Considering these impressive accomplishments, a more
detailed examination of the life and work of Thomas Nast is warranted.
Early Life and Work:
Nast was born on September
27, 1840 in Germany. He relocated to New York City in 1846. He studied art
in New York. He began work as an artist for Leslie’s illustrated in 1855,
and for Harper’s Weekly in 1859. At this time, pictures were printed in
newspapers through woodblock printing. A picture had to, in effect, be
“carved” onto a block of wood, and then the wood block was used as a “stamp”
to print the picture onto a page. In order to create these woodblock
prints, photographs or other images had to first be converted into line art.
Newspapers like Leslie’s and Harper’s had to hire artists to convert
photographs into line art. The artists would look at a photograph, and then
create a drawing of the photograph as accurately as possible. In this role,
the artist was simply trying to duplicate the original photograph or
artwork. It is likely that much of Nast’s early work for Leslie’s or
Harper’s would have been in this vein, and likely these drawings would not
be attributed to him by the newspapers.
Emergence as an Artist and
Nast began to emerge as an
artist, satirist, and political commentator (through his artwork), in 1862.
His art was not only stunning in its visual impact; it was profound in its
political message. The result of this unique combination of properties
resulted in his artwork having an incredible ability to direct or steer
public opinion. His work touched people, and impacted how they thought about
a particular topic. During the Civil War years his work was staunchly pro
Lincoln, pro Union, and anti Slavery. His artwork portrayed Southerners as
the enemy . . . not just the enemy, but a cruel and barbarous people.
Thomas Nast Illustration of
Quantrill's Raid on a Western Town
The drawing above, created
in 1862, is an excellent example of Nast's early Civil War work. The
drawing shows a scene of a Rebel raid on a Western town. The
Southerners are portrayed as a barbarous group. The image shows the
Confederate National Flag flying over the pillaging of a town. A white man
is being lynched from the very flag pole flying the Confederate Flag. Drunk
men are abusing the local women. Belongings are being pillaged. A black man
is being murdered, a child is being abused, and even a child's dog is being
shot, right in front of him. Illustrations such as this one inflamed
passions in the North, and kept tempers enraged against the south. If there
is any doubt that Nast portrayed the enemy as a cruel and heartless people,
consider this next illustration.
Thomas Nast- Southern Chivalry
This drawing shows Rebel
Soldiers decapitating defenseless Union prisoners. It also shows scenes of
pillaging, murder, and other significant war crimes.
Today, Nast is often
remembered as a "Cartoonist". I feel that this designation is unfortunate,
as it overlooks his significant talent as an artist. His Civil War artwork
should not be considered "cartoons", but meaningful artwork. The drawing
below shows Nast's talent as an artist.
Trapping Rebel Guerrillas in
the West - Thomas Nast
This illustration shows two Union sharpshooters poised in a tree above
the camp of unsuspecting Rebels.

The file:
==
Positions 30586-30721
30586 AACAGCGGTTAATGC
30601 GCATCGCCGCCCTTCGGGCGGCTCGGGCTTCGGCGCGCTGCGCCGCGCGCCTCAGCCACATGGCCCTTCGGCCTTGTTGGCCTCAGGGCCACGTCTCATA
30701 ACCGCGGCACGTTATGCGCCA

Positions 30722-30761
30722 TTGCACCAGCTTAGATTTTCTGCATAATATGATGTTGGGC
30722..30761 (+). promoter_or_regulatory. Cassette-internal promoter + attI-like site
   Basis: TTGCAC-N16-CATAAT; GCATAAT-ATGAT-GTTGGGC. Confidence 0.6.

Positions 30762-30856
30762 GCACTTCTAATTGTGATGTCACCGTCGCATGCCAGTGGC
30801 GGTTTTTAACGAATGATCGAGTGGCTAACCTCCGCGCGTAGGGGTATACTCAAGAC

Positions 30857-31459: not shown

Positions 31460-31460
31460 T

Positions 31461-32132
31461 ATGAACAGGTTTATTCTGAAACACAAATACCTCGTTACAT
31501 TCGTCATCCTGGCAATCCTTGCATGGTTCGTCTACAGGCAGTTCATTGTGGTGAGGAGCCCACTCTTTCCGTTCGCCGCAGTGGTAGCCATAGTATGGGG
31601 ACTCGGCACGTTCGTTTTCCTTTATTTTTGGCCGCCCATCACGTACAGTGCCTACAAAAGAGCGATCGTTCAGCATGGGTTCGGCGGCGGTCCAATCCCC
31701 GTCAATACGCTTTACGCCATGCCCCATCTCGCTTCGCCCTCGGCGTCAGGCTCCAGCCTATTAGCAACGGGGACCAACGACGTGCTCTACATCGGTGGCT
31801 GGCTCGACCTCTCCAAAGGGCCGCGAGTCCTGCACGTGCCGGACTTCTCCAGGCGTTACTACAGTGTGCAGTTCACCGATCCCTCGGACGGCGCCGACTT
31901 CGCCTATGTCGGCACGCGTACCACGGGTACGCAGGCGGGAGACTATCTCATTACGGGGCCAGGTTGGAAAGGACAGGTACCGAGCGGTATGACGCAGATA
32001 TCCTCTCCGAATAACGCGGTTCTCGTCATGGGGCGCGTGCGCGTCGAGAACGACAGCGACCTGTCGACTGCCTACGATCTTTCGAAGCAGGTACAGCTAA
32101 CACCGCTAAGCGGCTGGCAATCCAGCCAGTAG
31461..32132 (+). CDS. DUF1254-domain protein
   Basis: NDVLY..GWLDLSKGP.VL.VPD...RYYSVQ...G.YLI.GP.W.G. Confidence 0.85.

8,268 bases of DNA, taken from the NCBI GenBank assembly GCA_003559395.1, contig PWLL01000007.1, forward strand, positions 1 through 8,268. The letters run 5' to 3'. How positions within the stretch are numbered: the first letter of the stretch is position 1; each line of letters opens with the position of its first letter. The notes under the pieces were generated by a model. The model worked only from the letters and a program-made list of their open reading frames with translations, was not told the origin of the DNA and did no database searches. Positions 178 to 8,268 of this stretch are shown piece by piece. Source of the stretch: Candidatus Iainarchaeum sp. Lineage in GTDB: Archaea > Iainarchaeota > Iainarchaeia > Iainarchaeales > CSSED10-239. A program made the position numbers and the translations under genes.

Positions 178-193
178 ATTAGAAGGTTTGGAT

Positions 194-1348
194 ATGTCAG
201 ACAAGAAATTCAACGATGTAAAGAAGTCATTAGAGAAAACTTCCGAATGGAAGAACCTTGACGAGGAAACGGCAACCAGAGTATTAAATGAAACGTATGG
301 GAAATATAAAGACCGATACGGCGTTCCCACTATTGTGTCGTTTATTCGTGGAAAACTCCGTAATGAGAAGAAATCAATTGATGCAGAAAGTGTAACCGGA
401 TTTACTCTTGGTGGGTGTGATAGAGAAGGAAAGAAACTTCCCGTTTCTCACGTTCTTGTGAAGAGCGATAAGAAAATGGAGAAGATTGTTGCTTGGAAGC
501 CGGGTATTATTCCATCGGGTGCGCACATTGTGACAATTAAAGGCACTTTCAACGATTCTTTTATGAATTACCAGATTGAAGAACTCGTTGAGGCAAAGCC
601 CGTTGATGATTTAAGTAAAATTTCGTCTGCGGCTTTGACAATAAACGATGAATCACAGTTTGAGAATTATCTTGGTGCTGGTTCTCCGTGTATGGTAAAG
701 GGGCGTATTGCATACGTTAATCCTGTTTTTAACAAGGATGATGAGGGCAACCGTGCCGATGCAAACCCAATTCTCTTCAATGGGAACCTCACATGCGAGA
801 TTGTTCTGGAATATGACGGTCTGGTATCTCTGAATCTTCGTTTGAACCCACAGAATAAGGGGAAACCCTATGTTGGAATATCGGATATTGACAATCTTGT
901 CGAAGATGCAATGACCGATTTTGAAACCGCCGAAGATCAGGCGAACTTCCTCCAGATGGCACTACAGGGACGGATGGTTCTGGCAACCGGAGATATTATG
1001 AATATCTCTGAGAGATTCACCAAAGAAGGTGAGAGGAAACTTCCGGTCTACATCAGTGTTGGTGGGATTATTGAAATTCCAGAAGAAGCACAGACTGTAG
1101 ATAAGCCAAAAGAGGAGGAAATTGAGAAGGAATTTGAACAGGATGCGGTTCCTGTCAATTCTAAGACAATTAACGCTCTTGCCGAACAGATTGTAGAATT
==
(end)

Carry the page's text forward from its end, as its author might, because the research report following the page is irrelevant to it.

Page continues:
As the Civil War dragged on, public support for the war diminished. The
war was viewed as a "cragmire", and Lincoln was viewed as being aloof and
incompetent. By September 1864, even Lincoln himself was doubtful that he
would be reelected. The Democrats were running General George McClellan
against Lincoln. They were running on a platform of Compromise with the
South. The platform basically said that it was time to get out of the war,
and the path to end the war was to compromise with the south. The key
element that the Democrats wanted was to end the war, and preserve the union
(hopefully). They were willing to give in on the issue of slavery, and let
the south continue to hold slaves, if they would end the war. At this point
everyone in the North had either lost a loved one in the war, or knew
someone who lost a loved one in the war. There appeared to be no end in
site, and the proposition of a quick end to the war, through compromise, was
extremely appealing. It was at this critical point that Nast created the
Thomas Nast: Compromise with
This drawing inflamed passions in the North. The picture is titled,
"Compromise with the South", which was the democratic campaign platform for
the 1864 election. The illustration showed what the slogan really meant. The
picture shows a defeated, injured union soldier bowing down, and shaking
hands with a victorious rebel soldier. The rebel is standing with his boot
on the grave of a fallen union soldier. The tombstone reads, "In Memory of
Union Heroes Who Died in a Useless War". Lady Liberty is seen kneeling at
the grave, and crying. Two months later, Lincoln defeats McClellan, and is
elected to a second term as President of the United States. Many feel that
this illustration helped propel Lincoln to victory in the 1864 presidential
As the North finally began to achieve military success in the War, and as
it began to look like victory could be achieved, Nast released this rousing
Thomas Nast: On to Richmond
This is an inspirational
drawing, showing determined Union soldiers on their path to capturing
Richmond. As the soldiers push onward, some are seen falling, yet still
waiving their comrades onward to victory. This picture sent a clear message
that the end was in sight, and victory could be achieved.
Nast's Civil War artwork was